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5 Tips for Mindfulness & Meditation Everyday

5 Tips for Mindfulness & Meditation Everyday

The advantages of meditation are plentiful. According to one recent article, there are 76 different benefits to meditation. Now that’s a lot of advantages! The thing is, it could have a million advantages and that wouldn’t make any difference if you didn’t actually know how to meditate. 

And the truth is, very few of us do know how to meditate. I don’t know if it’s because our modern lifestyle, or that as people we are just naturally disposed towards it, but a lot of people who are beginners and try meditating give up because they don’t have the right mindset. That’s a shame – especially considering how useful it is.

For that reason, here I’ll detail five different ways that you can get into the right mindset for meditation, so that you can succeed and make the benefits of meditation part of your life, or even simply feel more present and meditative while moving throughout your day.

1. 1-Minute Meditation

Many of us come from an achievement-oriented culture. From when we’re young, people ask us what we want to be when we grow up (thereby insinuating who we are as children isn’t enough). People often talk about what they will do when they're rich or famous. We’re always trying to get fit, or healthy, or motivated. That’s fine and having aspirations is good, but you don’t want to take any baggage of discontentment with where you currently are, with you into your mediation.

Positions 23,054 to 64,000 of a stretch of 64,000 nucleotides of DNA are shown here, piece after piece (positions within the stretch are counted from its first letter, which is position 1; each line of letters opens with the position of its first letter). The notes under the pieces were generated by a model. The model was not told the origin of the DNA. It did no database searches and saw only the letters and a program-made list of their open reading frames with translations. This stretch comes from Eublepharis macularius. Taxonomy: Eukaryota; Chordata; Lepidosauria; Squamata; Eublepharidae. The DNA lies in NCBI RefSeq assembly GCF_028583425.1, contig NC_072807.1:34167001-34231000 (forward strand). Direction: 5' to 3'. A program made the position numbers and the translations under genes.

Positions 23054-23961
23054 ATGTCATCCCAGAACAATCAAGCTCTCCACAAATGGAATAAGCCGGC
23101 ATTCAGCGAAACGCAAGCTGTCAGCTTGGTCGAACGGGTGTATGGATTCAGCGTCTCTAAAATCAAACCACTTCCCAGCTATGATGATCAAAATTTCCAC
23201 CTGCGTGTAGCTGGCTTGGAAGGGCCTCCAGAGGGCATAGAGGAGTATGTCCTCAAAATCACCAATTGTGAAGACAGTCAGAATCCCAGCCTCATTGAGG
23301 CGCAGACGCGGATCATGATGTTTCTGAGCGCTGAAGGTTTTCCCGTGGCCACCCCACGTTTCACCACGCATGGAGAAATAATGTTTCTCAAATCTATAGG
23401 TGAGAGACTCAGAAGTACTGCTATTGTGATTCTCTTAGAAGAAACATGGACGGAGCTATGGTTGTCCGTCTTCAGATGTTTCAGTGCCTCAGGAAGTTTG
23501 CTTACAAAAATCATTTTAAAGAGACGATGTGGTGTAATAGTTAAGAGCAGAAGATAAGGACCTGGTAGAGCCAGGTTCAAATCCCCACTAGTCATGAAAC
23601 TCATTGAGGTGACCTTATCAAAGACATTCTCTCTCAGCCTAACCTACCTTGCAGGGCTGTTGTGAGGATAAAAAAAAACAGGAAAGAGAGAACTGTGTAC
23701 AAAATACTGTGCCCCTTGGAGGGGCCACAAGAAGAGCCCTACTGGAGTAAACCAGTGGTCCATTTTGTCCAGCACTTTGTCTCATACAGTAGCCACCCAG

Mediation isn’t about where you’re going, but where you are and if you spend your time trying to reach nirvana, or perfect peace of mind, or anything else, then you’re missing the benefits of the present and – in effect – self sabotaging your meditation, because of your trying to achieve something. 

For that reason, I suggest the one minute meditation for beginners who are just getting started. For just a minute a day, sit and focus on your breathing, or your mantra, or clearing your mind. There are many different techniques, so experiment to find one you like, and practice doing it for just one minute each day. Do this every day, for one month, as we all have one minute to spare! You can make this minute longer, if you want to, but make sure you do that minute. By aiming for that, you can leave any obsession with achievement behind. 

2. More Mindful Moments in Everyday Life

Meditation leads to mindfulness and mindfulness which leads to meditation. What is mindfulness? Well, it’s a lot of things but to summarize it shortly, it’s awareness of where you are and what you’re feeling, right now in the present moment.

So do that. Become more aware of where you are and what you’re doing. That means really stopping and focusing on your surroundings, or what you’re feeling, what your eyes are seeing, or what you’re doing. You do not have to sit in a specific position and close your eyes for this practice.

So if you’re eating an apple, what does that apple taste like? How does the wind feel breathing through your hair? What are the smells around you?

A great exercise is to set your alarm for a few times throughout the day and whenever it goes off, use it as a reminder to stop and become aware for a moment. If somebody else is talking, then let everything go, and focus entirely on what they’re saying. If you’re working on your computer, take a moment to focus on your posture, or your breathing. Remember, this is not about judging what you’re doing as good or bad. Instead, it’s about actually experiencing your life.